PRESS RELEASE: Heartland Institute Experts React to Pai’s Speech on New Broadband Regulation Rules
"If left unchanged, network neutrality would force the FCC to meddle in every broadband pricing, marketing, and sales plan, making for a string of inconsistent and ad hoc rulings." - Steven Titch
Federal Communications Commission Chairman Ajit Pai, in a speech at FreedomWorks in Washington, DC, today announced his agency will reconsider broadband rules put in place by the Obama administration under former FCC chairman Tom Wheeler. Those rules, which enabled government bureaucrats to strictly enforce the agency’s vision of “net neutrality,” classified broadband as a utility under Title II of the Communications Act of 1934. Pai proposes returning the classification of broadband under Title I of the law, which will treat it with a lighter regulatory touch as an “information service.”
The following statements from technology and telecommunications experts at The Heartland Institute – a free-market think tank – may be used for attribution. For more comments, refer to the contact information below. To book a Heartland guest on your program, please contact Media Specialist Billy Aouste at email@example.com and 312/377-4000 or (cell) 847/445-7554.
“Network neutrality was a regulatory overreach that guaranteed consumers nothing but higher prices and poorer service. For example, out-of-the-box, network neutrality rules threatened to halt customer-friendly pricing plans like unlimited wireless data. If left unchanged, network neutrality would force the FCC to meddle in every broadband pricing, marketing, and sales plan, making for a string of inconsistent and ad hoc rulings. It is regulation at its worst and Chairman Pai is correct to pull it back.”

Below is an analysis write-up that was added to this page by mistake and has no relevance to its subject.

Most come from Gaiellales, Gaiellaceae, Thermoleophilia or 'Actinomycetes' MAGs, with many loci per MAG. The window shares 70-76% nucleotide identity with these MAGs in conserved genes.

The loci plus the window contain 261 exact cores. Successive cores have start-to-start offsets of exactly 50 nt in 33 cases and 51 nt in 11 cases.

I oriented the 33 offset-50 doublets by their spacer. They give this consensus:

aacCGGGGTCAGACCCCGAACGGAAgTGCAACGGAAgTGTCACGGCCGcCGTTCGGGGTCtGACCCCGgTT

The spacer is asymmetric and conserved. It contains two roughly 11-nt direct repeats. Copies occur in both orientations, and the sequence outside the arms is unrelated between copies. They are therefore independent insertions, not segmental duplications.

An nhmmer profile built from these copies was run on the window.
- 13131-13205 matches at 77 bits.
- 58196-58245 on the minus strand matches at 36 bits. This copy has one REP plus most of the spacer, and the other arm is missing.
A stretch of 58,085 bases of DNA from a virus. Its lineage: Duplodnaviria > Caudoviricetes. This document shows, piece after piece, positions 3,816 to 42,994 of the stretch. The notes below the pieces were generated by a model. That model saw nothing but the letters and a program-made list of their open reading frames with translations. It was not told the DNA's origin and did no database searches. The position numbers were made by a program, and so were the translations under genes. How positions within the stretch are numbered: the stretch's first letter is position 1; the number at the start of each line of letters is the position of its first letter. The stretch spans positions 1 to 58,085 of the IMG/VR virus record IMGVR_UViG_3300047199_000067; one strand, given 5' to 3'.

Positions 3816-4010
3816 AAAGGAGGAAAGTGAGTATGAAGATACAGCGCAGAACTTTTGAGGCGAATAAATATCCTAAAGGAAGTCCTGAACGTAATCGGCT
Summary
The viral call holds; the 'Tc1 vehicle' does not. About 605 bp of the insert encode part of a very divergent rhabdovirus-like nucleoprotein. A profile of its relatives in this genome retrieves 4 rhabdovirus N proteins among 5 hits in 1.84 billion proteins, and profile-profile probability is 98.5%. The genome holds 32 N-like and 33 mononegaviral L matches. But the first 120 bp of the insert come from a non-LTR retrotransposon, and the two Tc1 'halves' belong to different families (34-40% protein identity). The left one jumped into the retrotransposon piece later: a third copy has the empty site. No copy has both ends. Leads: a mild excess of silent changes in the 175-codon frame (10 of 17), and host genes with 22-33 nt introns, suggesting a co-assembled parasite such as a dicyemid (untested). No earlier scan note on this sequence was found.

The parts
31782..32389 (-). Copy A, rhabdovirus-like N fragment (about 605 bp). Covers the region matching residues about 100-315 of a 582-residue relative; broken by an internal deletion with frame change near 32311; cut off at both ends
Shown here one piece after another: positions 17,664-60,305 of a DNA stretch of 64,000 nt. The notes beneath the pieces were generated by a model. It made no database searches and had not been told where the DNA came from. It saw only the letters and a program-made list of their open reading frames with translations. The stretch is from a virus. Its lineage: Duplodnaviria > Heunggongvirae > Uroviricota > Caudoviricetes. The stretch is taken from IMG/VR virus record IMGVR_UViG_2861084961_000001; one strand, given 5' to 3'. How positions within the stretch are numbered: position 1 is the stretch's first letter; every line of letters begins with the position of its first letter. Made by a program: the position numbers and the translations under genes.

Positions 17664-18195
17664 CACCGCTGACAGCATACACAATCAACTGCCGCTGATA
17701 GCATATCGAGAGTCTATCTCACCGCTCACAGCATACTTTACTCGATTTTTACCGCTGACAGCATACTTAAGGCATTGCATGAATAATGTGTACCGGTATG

“The Trump Administration is about to restore the regulatory framework that was in place for the Internet we’ve known, and which has thrived, for 99 percent of its existence. That regulatory framework allowed the private sector, in 20 short years, to transform the Internet from ‘That New Thing’ into one-sixth of America’s entire $18.3 trillion economy.
“I like that Internet – the free speech-free market Xanadu that the private sector created. I don’t like the Barack Obama/Venezuela vision of top-down, all-encompassing government regulations – where people will stand in long lines awaiting their daily government allotment of bandwidth.
“Trump was elected to undo Obama’s huge government approach. This is a fundamental component of our undoing Obama’s fundamental transformation. Please proceed apace, Trump Administration, in good health and with all blessings.”
“Finally, common sense returns to the Federal Communications Commission. Let’s face it: Applying 1934 Title II common-carrier rules to the Internet was foolish from the beginning. It was akin to applying one of King Hammurabi’s laws to contemporary driverless automobiles. Yet, three members of the FCC appointed by the last administration persisted, and the newly packed U.S. Court of Appeals rubber-stamped network neutrality as the law of the land.
“The real-world cost of this folly was estimated by Phoenix Center Chief Economist George S. Ford as between $150 billion and $200 billion in network investment over the past five years. Fortunately, current FCC Chairman Ajit Pai understands the importance of investment when it comes to customer service and satisfaction, technological advancements, and shareholder value. Once again, at least in this instance, the information-technology industry will respond to what the free market requires rather than what micro-managing government bureaucrats demand.”
“The Internet was not broken when the Obama administration applied the antiquated Title II regulatory regime to it in 2015, but it has done a good job of slowing innovation and reducing private broadband investment. It’s fantastic news that Chairman Ajit Pai is leading the charge to remove the shackles of Title II – an all-too-rare example of a federal bureaucracy correcting its regulatory mistakes. This will ensure the digital economy has the flexibility to grow and provide Americans with the innovation and lower prices they have come to expect, and which the free market will provide.”
Director of Communications
The Heartland Institute
Author, “Neutralism: The Strange Philosophy Behind the Movement for Net Neutrality”